If you’re a fan of Moon Knight, some unfortunate news came across the newswire this week. Sadly, with the series not eight issues old, Marvel announced it would be cancelling its Moon Knight title as of the twelfth issue in April. Helmed by Brian Bendis and Alex Maleev, the team known for its classic Daredevil run and their creator-owned Scarlet title published through Icon, the latest Moon Knight series was launched alongside new Punisher and Daredevil books in early 2011 as part of Marvel’s “Big Shots” promotion.
“I look at it as a 12 issue maxi-series that kicked incredible ass!” Bendis said in a post on his forum. “Which was what me and Alex were hired to do. I do wish it had sold better and I do wish it was continuing with another team. But I wish that about every comic on Earth. But I am grateful we got to do our entire 12 issues. When you get to 12 you’ll see we got to tell our entire story uninterrupted, which is very nice. And for you guys that supported it, you’ll have a nice whole thing. As for me and Alex, back to Scarlet!”
Ultimately this puts the character in a bit of a predicament. I’ve been a fan of Moon Knight for several years, which although may not be as long as some, I count myself among those who consider Moon Knight among the more formidable forces in the Marvel Universe. Yet, with this latest cancellation, I believe the writing is on the wall for Marvel. Quite simply, Moon Knight as a character is not very interesting, providing only a single note of storytelling throughout his history. Moon Knight is effectively the epitome of violence, yet one who lacks the name recognition of the Frank Castles of the comic book world. Considering that, despite having an all-star team attached on the creative end, the book was doomed before its first issue was released.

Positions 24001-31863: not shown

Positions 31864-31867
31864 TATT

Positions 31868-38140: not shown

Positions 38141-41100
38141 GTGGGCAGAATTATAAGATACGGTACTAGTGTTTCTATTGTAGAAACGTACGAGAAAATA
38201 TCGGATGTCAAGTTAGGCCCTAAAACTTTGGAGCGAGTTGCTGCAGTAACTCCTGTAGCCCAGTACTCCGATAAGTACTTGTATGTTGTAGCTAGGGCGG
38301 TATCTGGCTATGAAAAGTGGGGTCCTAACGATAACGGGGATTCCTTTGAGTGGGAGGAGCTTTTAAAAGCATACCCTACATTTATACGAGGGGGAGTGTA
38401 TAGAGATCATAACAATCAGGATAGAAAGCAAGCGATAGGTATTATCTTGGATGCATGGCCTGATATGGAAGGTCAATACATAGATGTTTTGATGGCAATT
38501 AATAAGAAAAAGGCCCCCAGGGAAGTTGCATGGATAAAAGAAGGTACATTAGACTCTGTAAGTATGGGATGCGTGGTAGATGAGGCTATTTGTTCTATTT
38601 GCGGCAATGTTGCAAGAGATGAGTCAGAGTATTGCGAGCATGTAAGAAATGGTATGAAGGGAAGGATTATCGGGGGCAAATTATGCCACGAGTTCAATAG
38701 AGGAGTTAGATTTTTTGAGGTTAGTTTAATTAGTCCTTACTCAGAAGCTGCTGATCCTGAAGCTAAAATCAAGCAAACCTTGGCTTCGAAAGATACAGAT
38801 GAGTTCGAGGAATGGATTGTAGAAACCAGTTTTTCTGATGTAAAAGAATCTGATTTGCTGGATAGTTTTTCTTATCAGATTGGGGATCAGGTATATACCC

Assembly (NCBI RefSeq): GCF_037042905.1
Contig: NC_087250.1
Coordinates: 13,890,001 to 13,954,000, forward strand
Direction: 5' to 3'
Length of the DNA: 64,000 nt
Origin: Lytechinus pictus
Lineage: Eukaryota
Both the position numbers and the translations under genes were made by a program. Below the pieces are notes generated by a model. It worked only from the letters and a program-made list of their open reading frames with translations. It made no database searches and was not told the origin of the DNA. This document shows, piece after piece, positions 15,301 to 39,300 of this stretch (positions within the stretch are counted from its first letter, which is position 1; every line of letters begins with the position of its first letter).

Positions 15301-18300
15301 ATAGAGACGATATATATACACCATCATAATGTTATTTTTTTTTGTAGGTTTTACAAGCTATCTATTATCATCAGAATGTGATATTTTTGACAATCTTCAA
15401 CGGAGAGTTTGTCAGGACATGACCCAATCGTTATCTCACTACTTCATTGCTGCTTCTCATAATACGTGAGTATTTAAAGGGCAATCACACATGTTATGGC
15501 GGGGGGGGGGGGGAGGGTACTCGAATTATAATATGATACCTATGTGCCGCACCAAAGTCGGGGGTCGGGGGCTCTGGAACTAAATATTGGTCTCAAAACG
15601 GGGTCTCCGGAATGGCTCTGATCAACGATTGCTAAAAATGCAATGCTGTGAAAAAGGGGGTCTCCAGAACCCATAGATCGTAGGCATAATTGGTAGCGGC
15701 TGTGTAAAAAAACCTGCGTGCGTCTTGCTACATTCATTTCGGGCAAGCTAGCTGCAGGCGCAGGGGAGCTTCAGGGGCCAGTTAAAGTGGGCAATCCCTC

I began reading part-way through Charlie Huston’s run and truly enjoyed his work with the character, but once Gregg Hurtwitz came on board and wrote The Vengeance of Moon Knight, it felt like something was missing, or that the tone of the book was just off. Either way, despite reading the series to the end, its cancellation spoke much towards its place in the Marvel Universe. Despite being heavily pushed by the company, and despite being loved by a core base of fans, there just isn’t enough demand or broad appeal in the character to warrant an ongoing series. I believe the Marvel brass began to understand this, why else would they put two of their biggest creative names on the title? It appears to be naught, however, and here we are again talking about Moon Knight in connection with a cancelled series. Perhaps it’s time we accept a reality.
Since the character’s debut, Moon Knight has starred in five different ongoing titles, in addition to a number of mini-series through the 1980s and 1990s. The reality is simply if the character were a lucrative asset, it would be able to hold its own title. Instead, in all of Marvel’s attempts to push the character, it hasn’t been able to hold a series longer than 60 issues, while all other attempts have been cancelled at about the three year mark. The cancellation of the series after Bendis concludes his run brings us to 22 issues over the last two volumes. Disregarding any internal and fan support, while considering the current landscape for comics, it’s not lucrative for Marvel to continue publishing books it can’t make its money back from. Although they may love the character, and although Moon Knight consistently pops up onto various top comic book character lists, there isn’t enough demand for a Moon Knight book; the character is at its heart a niche character which will always have a home in fans’ hearts, but not necessarily on the shelves at our local retailers.
I fully intend to purchase the 12-issue run when it’s collected, but going forward I feel Moon Knight is one of those characters who needs to be featured in a short mini-series or as part of a storyline, much like Elektra. Marvel simply needs to let the idea of an ongoing Moon Knight title go.